Depending on your engine manufacturer and the region of the world you live in, the fuel requirements for your boat engine may differ. This is because fuel stations measure octane levels differently depending on your world region. However, below is a brief explanation of what fuel you should use in boats.
Most marine gasoline engine manufacturers recommend using ethanol-free or 10% ethanol gasoline with a minimum octane rating of 87 (a few sport engines require higher octane). Most marine diesel engine manufacturers recommend using off-road diesel (No. 1-D or No. 2-D).
Both 2-stroke and 4-stroke marine motors follow this rule.
Note: some commercial and large marine vessels such as barges may require bunker fuel. More on that here.
Never use gasoline that contains more than 10% ethanol for boat engines, such as E15 or E85 gas. And if you do use 10% ethanol (E10) gas, I recommend using a fuel stabilizer and a water separator fuel filter to prevent corrosion and other issues ethanol can cause. (click on links to go to the products on Amazon)
Minimum octane ratings depend on each specific boat motor (check your owner’s manual). Generally, the minimum octane rating is 87 (PON) for North America and 91 (RON) in Oceana. However, your specific motor may require a higher rating, especially if it’s meant for performance and if you’re using fuel with ethanol in it.
When you go to a fueling dock on the water, they’ll generally have 2 different types of fuel, unleaded gasoline (which is usually 87 octane non-ethanol) and off-road diesel. You shouldn’t have to worry about fueling up with this fuel. Non-ethanol fuel generally means octane is irrelevant (as long as it’s 87 or higher), but very few sports motors such as muscle boat motors and seven marine outboards may require higher octane.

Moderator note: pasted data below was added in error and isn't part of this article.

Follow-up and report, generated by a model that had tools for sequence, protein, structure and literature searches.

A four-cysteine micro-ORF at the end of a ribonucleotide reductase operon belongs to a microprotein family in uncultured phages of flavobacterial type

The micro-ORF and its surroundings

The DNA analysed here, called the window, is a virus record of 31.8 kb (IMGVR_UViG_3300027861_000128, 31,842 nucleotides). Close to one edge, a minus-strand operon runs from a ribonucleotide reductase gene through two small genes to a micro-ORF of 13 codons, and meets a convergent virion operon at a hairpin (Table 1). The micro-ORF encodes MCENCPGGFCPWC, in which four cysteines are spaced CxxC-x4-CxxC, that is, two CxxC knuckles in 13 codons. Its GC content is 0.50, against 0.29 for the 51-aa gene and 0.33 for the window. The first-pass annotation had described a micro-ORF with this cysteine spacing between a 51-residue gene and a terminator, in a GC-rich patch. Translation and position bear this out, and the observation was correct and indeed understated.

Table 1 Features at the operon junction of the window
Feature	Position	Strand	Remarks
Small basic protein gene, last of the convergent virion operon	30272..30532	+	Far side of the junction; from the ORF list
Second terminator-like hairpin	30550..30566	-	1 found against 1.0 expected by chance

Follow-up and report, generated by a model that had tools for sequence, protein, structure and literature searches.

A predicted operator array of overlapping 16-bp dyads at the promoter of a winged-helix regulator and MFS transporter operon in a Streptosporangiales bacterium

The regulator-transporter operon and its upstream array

What Fuel should you use at an automotive gas station for a boat?
You will have to worry about what type of fuel you’re using when you fuel up at an automotive gas station. Some automotive gasoline types such as E15 and E85 will harm your marine engine. So, if you do fuel up at an automotive gas station, I recommend this:
For marine gasoline engines, non-ethanol gasoline (E0) will be the best, but sometimes that may not be available. If that’s the case, go with E5 or E10 and at least an 87 octane rating (performance engines may require higher octane). Then add a fuel stabilizer to the tank if you have any.
If you don’t have any fuel stabilizer, you can still run your engine with ethanol fuel. However, make sure you fill the tank up all the way so you don’t run into any water absorption problems with the ethanal. You should also put a fuel stabilizer (such as this one) in the fuel tank and run the engine as soon as possible.
For marine diesel engines, use non-highway (red-dyed) diesel. Specifically, most manufacturers recommend No. 1-D and No. 2-D diesel (either should be fine). I also highly recommend treating diesel fuel with bacteria and fungi killing fuel additives because diesel tanks are known for attracting microbial.
Read more about bacteria growth in diesel engines by clicking here.
How to see what fuel your engine manufacturer recommends
If you look at your owner’s manual, the recommended fuel will be labeled on it somewhere. Look for “fuel requirements” in the table of contents.